Gert Stulp, researcher at the sociology department, receives a NWO VIDI grant for his research proposal 'Understanding fertility outcomes by quantifying the (un)predictable'. The aim of the project is to make better predictions about the number of children that people will have. Stulp is one of the five University of Groningen researchers who will receive the prestigious VIDI grant.
How many houses should we build? Will the pension system still be sustainable in the future? And will there be enough medical care for everyone? The answers to these and other important policy questions are largely determined by how many children will be born in the future. However, this future birth rate proves to be quite difficult to predict. This is largely due to the fact that it is still rather unclear which factors determine reproductive behaviour. With his VIDI grant, Gert, together with two PhD students, hopes to gain more insight into this topic over the coming years, hopefully contributing to better predictions.
One of the components of the VIDI project is a data challenge, an approach that has proven to be very successful within the data sciences, but is new within the social sciences. Gert: “Data challenges are competitions in which all participants work with the same dataset and try to make the best possible predictions about a certain outcome in another dataset. In my project, the challenge is to use the LISS panel, a dataset with more than a thousand variables, to predict the variation in the number of children that people will have."
In principle anyone can join the data challenge, regardless of their location or discipline. Gert expects a mix of sociologists, demographers, and data scientists, and of both theory- and data -driven approaches. The model that explains the most variance in the number of children wins a prize: the winners are invited to give a key-note lecture at a specially organized conference.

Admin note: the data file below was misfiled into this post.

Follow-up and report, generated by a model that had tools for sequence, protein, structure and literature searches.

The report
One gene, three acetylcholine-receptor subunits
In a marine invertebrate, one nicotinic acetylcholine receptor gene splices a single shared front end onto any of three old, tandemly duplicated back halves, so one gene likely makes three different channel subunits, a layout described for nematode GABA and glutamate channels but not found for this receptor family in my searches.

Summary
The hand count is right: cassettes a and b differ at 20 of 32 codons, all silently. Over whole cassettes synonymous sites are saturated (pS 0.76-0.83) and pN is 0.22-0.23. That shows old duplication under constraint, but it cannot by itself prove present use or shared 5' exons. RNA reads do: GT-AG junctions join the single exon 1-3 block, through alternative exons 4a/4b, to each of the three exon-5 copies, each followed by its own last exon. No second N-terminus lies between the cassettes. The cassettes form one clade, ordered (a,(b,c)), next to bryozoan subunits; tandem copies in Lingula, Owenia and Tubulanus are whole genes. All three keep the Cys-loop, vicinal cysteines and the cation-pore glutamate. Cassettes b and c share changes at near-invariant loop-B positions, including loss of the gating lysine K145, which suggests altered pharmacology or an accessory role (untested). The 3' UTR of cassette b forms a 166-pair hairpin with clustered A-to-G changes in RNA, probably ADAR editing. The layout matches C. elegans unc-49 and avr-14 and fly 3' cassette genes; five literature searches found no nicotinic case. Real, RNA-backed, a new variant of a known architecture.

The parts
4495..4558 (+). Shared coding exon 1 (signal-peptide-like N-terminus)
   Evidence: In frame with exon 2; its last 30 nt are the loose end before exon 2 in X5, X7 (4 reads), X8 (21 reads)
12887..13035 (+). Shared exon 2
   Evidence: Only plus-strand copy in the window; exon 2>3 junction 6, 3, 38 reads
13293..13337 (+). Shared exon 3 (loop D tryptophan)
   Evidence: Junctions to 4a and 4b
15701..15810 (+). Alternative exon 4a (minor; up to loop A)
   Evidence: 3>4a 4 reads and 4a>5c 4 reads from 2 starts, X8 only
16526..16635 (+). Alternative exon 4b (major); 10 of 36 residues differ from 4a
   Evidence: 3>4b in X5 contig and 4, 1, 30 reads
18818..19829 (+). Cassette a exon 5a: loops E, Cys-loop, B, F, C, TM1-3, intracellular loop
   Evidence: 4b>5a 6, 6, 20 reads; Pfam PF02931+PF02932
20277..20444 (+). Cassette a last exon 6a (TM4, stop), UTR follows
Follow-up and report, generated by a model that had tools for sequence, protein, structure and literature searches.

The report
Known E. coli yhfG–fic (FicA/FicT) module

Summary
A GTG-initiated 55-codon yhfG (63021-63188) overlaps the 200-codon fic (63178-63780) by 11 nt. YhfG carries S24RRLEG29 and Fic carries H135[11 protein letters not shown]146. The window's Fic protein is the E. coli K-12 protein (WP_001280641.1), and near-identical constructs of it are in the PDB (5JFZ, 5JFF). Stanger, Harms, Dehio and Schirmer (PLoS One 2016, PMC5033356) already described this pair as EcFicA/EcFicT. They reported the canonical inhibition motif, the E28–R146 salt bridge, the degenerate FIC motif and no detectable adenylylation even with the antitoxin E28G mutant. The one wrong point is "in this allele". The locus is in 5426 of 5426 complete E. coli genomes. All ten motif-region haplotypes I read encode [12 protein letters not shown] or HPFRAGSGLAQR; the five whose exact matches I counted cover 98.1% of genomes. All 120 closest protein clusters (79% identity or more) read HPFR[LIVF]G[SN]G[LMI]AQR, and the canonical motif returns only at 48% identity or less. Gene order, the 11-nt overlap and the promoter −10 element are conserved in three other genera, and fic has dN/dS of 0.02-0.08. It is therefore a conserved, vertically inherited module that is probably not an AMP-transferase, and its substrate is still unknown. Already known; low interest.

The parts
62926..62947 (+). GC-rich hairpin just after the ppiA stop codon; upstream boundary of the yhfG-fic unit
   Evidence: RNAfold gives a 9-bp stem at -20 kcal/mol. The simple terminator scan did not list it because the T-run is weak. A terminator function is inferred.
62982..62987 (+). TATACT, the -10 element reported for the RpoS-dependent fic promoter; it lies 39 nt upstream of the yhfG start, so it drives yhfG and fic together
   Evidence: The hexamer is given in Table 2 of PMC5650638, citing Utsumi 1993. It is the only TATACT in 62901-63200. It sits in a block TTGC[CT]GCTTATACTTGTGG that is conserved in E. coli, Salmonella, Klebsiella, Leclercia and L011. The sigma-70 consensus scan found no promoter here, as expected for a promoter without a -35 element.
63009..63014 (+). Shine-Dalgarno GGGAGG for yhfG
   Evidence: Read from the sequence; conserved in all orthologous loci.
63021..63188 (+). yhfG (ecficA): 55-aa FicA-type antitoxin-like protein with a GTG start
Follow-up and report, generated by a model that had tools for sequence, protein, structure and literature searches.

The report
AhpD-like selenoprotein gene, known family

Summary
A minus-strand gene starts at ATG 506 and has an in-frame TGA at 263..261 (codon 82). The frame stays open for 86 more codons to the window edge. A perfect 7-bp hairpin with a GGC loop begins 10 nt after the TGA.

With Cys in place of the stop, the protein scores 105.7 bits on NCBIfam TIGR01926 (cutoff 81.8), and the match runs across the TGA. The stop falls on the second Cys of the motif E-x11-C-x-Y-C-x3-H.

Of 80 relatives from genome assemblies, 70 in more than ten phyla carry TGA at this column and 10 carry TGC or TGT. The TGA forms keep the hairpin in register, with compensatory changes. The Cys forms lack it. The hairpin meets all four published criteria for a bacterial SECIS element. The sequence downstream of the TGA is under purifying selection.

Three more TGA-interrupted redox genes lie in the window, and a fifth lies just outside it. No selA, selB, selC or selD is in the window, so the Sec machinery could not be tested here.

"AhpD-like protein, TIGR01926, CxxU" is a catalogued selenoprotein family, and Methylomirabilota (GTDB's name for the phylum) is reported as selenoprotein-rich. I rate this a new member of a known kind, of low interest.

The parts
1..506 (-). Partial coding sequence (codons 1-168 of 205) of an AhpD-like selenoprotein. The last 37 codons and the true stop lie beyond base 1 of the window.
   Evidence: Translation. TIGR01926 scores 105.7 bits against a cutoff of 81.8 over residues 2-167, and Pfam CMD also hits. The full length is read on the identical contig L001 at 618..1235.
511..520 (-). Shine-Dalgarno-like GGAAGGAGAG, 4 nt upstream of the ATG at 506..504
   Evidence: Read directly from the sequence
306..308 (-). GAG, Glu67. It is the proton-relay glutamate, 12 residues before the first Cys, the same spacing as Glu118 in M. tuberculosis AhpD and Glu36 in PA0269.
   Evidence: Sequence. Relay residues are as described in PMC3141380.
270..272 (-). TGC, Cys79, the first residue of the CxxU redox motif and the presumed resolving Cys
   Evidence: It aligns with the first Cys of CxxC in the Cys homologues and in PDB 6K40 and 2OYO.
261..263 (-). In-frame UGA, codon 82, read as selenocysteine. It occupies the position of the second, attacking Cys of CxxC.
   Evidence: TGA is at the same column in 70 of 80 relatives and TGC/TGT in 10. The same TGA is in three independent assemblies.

By using theory-driven simulations, Gert also hopes to gain more insight into the role of chance or randomness. “How many children people will have is partly determined by chance. Based on medical science we have a pretty good idea of the chance of conception and the chance that a fertilized egg will develop into a baby. Even if you have couples with the exact same characteristics, there could be a difference in their number of children because of this chance element. You can compare it to throwing a dice: sometimes you roll six in one go, while other times you need several throws. You cannot predict outcomes based on chance effects with a statistical model”.
By combining the insights of both projects, Gert hopes that at the end of the VIDI project he will have a better understanding of what we can and cannot predict. “The data challenge shows how much variation in the number of children we can explain based on variables that are already known. The simulation models give us more insight into the role of chance or randomness, or, in other words, the variation in the number of children that you cannot predict. If you know what you can predict and what you never will be able to predict, then what is left is what you have not yet predicted, but could possibly predict in the future, for example through new theories and better measurement.”
Riekje Stokes (56) studied psychology and specialized herself in psychological interviewing. Now she has her own company, Stokes Interrogation Strategy, and she trains, coaches and advises professionals engaged in truth-finding communication.
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